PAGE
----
Milk

The River Thames island where residents were basically stuck and milk and post deliveries were banned

The numerous islands that dot around the River Thames look like pretty idyllic places to hang out, especially in summer.

But what would it be like to be stuck on one, so you couldn’t actually get off?

That’s essentially what happened to a group of island residents at the sparsely populated Wheatley’s Ait at Sunbury Lock.

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In 2006, the Environment Agency upped the costs of using the bridges.

The ten families who lived here were used to paying about £60 a year each to use the bridges, that connected the island, but the EA who owns the bridges, decided to put this up to £7,000 per year.

As Miranda Vickers outlines in her book, “Eyots and Aits, Islands of the River Thames“, this was basically a disaster for the islanders.

They offered to pay £4,000 a year, but the EA blocked the road bridge and posted a notice that anyone using the foot bridge would be trespassing.

The EA also banned deliveries of milk, post, gas and fuel.

The islanders had no choice but to try to use boats or punts to make the crossing, but this was very difficult for the elderly and dangerous because of the nearby weir.

Eventually they reached an agreement where each household agreed to pay £700 per year for use of the bridges.



Wheatley’s Ait from the upstream end (Wiki Commons)

A decade before this there were already signs the islanders weren’t happy with the amount of interest – or lack of – they were getting from the local authorities.

The Staines & Ashford News carried a letter stating: “I wonder how many of your readers understand why the Walton Society managed to obtain such a huge majority in the recent elections.

“Perhaps one of the reasons is it is the ONLY party which either knows or cares that we exist. It is extraordinary that not one of the other so-called main parties ever visits Wheatley’s Ait let alone inquires in times of stress, such as flooding, whether we need any help.”

But the island is an interesting island, and today residents live there in bungalows in a spacious and idyllic setting.

The Fishing Gazette nicely described the beauty of the spot in 1879 stating: “The fishing from this island is very good for roach, dace, perch.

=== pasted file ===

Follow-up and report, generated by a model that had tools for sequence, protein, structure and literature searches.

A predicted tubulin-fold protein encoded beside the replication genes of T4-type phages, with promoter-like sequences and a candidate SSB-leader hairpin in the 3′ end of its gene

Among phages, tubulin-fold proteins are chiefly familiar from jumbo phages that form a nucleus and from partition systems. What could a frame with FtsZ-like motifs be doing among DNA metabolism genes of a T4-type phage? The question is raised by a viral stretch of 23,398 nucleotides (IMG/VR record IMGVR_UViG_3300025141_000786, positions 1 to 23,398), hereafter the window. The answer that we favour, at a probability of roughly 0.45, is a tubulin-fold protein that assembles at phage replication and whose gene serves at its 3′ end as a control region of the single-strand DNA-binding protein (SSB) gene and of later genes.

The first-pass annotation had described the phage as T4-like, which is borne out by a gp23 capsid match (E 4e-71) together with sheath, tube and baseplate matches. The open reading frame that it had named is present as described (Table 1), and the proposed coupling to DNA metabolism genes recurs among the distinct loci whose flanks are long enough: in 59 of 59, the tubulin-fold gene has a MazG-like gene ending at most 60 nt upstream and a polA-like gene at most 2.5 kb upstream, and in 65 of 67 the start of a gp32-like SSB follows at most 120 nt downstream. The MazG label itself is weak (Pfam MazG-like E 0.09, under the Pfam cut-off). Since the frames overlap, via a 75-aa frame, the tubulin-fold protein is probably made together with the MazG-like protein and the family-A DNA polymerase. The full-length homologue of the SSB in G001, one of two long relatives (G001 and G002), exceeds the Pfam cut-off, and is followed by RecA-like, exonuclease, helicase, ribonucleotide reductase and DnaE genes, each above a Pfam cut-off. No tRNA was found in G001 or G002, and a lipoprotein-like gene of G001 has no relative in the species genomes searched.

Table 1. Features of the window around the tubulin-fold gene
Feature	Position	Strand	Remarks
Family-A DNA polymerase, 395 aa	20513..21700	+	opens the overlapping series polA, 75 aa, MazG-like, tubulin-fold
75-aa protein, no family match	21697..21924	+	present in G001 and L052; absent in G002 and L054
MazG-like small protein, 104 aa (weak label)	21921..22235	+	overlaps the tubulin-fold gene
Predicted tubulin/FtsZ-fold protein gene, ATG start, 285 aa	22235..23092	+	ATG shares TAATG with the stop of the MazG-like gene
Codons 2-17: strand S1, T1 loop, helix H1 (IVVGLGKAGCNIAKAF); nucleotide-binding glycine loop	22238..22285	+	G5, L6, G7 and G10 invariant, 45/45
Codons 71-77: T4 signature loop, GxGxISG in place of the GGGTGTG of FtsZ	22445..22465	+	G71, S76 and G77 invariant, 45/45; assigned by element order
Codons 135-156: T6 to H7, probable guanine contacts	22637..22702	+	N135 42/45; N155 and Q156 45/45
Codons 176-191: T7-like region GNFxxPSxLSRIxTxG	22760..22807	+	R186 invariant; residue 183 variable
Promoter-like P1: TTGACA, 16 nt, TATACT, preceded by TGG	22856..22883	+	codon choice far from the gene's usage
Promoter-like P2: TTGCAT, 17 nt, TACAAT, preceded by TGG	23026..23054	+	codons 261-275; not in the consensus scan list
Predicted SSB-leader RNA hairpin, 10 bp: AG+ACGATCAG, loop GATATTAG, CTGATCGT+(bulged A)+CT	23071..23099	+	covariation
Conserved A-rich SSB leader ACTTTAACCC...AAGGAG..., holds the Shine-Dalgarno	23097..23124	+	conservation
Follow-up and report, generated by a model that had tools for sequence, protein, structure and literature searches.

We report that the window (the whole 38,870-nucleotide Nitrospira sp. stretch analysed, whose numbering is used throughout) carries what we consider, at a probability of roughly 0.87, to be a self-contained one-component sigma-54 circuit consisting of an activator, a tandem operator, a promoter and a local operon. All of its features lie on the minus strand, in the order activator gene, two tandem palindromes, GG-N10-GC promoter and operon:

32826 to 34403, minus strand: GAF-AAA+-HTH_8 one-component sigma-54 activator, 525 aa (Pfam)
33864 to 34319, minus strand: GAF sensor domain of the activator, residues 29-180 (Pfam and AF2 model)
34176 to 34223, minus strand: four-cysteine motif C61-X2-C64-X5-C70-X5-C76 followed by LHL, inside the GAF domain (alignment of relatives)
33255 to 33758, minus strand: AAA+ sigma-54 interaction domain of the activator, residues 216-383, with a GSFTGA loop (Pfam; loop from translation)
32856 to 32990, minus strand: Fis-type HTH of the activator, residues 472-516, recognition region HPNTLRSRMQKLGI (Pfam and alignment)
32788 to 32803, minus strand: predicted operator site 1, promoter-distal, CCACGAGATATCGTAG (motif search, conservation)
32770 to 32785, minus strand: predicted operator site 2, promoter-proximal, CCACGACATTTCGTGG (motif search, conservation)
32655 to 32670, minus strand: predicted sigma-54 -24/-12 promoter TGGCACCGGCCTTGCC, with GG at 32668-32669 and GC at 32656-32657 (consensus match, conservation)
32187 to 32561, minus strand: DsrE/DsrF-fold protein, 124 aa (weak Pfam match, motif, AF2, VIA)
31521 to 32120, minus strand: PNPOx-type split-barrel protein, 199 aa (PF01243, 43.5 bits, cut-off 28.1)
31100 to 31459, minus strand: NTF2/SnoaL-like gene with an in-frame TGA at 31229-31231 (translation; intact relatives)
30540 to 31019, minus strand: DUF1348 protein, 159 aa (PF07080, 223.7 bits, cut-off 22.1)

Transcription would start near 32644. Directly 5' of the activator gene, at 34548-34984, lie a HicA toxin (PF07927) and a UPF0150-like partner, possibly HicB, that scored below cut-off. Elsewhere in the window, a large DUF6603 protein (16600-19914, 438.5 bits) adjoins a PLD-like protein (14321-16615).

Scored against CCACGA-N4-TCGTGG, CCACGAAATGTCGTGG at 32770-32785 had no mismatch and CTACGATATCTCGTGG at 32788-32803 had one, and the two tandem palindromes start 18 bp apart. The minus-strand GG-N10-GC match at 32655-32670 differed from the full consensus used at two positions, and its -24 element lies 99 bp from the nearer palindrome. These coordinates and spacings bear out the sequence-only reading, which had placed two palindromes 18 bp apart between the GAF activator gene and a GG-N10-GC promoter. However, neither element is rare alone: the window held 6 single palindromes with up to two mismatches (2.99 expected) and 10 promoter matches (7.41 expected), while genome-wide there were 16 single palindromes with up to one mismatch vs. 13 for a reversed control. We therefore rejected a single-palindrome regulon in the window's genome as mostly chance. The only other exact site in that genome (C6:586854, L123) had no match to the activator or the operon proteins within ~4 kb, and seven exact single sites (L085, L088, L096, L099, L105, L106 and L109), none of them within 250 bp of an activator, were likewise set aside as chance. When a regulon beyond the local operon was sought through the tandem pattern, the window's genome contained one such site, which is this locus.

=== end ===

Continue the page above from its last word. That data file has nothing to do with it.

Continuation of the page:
“It is used a good deal in the summer months by picnic parties, who, underneath a row of trees in the broiling sun of hot summer’s day, can be shaded from the intensity of the heat, and enjoy their refreshment with ease and comfort.”

It’s always been a difficult place to get to though. For a long time, the only access was by boat from the Walton side of the river.



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Today most islanders can use a bridge that was built in 1946.

There’s history here too. Once upon a time bronze age weapons, including a long bronze spearhead and a bronze age sword, were discovered – showing that the island had been important in prehistoric times.

Until 1895, the island was used mainly to harvest osiers, which would have been woven into all manner of objects such as baskets, chairs and even boats.

In 1927, the upstream part of the island was bought by the Thames Camping and Boating Association which – though it’s unclear at time of writing if this is still the case – ran one of the oldest campsites on the Thames here.

In August 1914 a doodlebug flying bomb fell on Tumbling Bay near the island, destroying several of the bungalows on the island, killing one man and blinding another.

Today the island remains a peaceful place, a tranquil spot away from the hustle and bustle of the city.

You can buy copies of the book, “Eyots and Aits, Islands of the River Thames, here.

Do you have an interesting story to share with us? Please email martin.elvery@reachplc.com




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